Christmas in Thailand: Waiting for the Big Guy
This is first time I’ve been in Chiang Mai in three years and the first time I’ve spent more than a night or two in over ten. It’s changed, some for the better, but not all. It depends on how you count. The sex trade seems diminished, while the tourist trade—fortunately not the same thing—has definitely increased. That means that one of the town’s two main strip clubs has long since closed and the other seems not especially busy, while the pick-up bars that once sprouted up like mushrooms after a fresh rain, have at least stabilized in numbers or perhaps even decreased.
Meanwhile the number of Thai massage parlors, espresso joints, vegetarian restaurants, hostels and travel agents has increased exponentially. They have pretty much taken over the traditional central business area defined by the moat and the night bazaar, and most of the moated area, too, pushing the locals out into the Nimanhemin area as their main focus of entertainment, not that there is any sharp line dividing the two, Thailand’s main claim to tourist fame. The holy grail of travel—mingling with the locals—is imminently doable in Thailand.
It’s ironic that I seem to show up here at crucial moments in my life, literally crucial—crossroads—that somehow seem to
divide my life into more-or-less-equal twenty-year segments, previously as I was about to turn forty, now as I’m about to turn sixty. Everywhere are remnants of the past, interspersed with glimpses of the future, blended together in some sweet-and-sour hot-and-spicy present—pad prieow wan, tom yam goong, gaeng kari, or maybe pad thai, some of my favorite Thai dishes. Life is like food, I figure, the creation of our taste buds. But this is time travel, not a foodie tour.
The past is everywhere, Chiang Mai’s and my own. The market where betel-nut was once currency and cash crop 500 years ago is the same market where I once stocked up on fruits and veggies, and a quarter’s worth of sticky rice to last me through the night. Now there are smoothie stalls and English menus, and tattooed nose-ringed groovers in addition to the long-haired bearded ones of yore… and always food, food everywhere, both Eastern and Western. They say that at any given moment, half the country is cooking for the other half, and that sounds about right.
Thailand is at its most exotic in its Buddhist temples, of which there are dozens—no, hundreds. They’re everywhere, so it’s easy to just happen upon them, scattered like Baptist churches in the southern US, and as individual as the neighborhoods that they reside in. Some are famous, though, like the one up on Doi Suthep, and Jedi Luang, inside the moat on Prapokklao Road. This is a good road to see several, in fact, including some restored to their original gold-studded teak, and more than a few ruins dating back through the city’s 700-year history. Meditate on that.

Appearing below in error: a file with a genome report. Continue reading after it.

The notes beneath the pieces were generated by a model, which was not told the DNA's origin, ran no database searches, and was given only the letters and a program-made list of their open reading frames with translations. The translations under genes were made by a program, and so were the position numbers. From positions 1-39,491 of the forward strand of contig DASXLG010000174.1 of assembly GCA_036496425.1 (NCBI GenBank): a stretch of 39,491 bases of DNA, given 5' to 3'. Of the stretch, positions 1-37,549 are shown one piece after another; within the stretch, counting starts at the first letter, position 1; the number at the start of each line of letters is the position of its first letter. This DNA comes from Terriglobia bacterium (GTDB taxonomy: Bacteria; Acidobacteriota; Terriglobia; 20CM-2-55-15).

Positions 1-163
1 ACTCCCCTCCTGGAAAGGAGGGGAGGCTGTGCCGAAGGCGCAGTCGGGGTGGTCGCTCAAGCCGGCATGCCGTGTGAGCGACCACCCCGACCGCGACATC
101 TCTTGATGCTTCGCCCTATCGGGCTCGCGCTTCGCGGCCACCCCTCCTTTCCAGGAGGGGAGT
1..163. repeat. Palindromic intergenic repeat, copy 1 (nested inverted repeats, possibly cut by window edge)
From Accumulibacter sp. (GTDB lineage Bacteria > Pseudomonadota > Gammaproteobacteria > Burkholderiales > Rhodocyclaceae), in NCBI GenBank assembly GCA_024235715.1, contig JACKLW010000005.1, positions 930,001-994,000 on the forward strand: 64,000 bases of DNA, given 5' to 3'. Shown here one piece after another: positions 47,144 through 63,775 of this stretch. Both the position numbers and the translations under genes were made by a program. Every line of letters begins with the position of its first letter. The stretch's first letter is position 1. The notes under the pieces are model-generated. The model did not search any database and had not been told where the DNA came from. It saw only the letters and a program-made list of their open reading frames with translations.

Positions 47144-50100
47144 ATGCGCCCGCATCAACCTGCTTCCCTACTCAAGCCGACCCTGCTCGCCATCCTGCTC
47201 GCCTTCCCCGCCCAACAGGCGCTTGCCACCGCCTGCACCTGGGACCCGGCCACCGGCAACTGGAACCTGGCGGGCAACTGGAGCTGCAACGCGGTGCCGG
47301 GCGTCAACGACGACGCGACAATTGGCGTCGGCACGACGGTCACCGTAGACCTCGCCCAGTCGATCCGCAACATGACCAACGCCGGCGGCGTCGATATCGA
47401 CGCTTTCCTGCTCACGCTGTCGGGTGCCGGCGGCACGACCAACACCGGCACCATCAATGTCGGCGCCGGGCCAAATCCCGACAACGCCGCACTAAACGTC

No, I wasn’t born here, but I was re-born here, and may yet die here in the womb of someone else’s mother. Thailand is a comfort zone and safe haven for me now. Though I don’t look Thai at all, and used to be jealous of my friends that do, now I rarely get challenged linguistically, and that’s the key to fulfillment. When people switch from English to Thai the attitude changes also, and a different level of politeness kicks in. English is the language of aggression.
Still I doubt that I could handle Chiang Mai under the full tourist onslaught which has been diminished by the current political problems. At this level of tourism and with wintertime mild temps, it’s really nice. Temps here in ChiangMai drop to 10c/50f and people start breaking out the heavy jackets and standing around fires to keep warm. Given the occasional Christmas song, all you need is some big fat bearded Farang to dress up in red, and you could almost pretend that it’s… naah…
My main complaints are about the sidewalks, or lack thereof. It’s dangerous out there, in the country with the world’s third-highest road fatalities. And bicycle riders have got it worse. Don’t forget to wear protection—a helmet. And enjoy the light crowds while they last.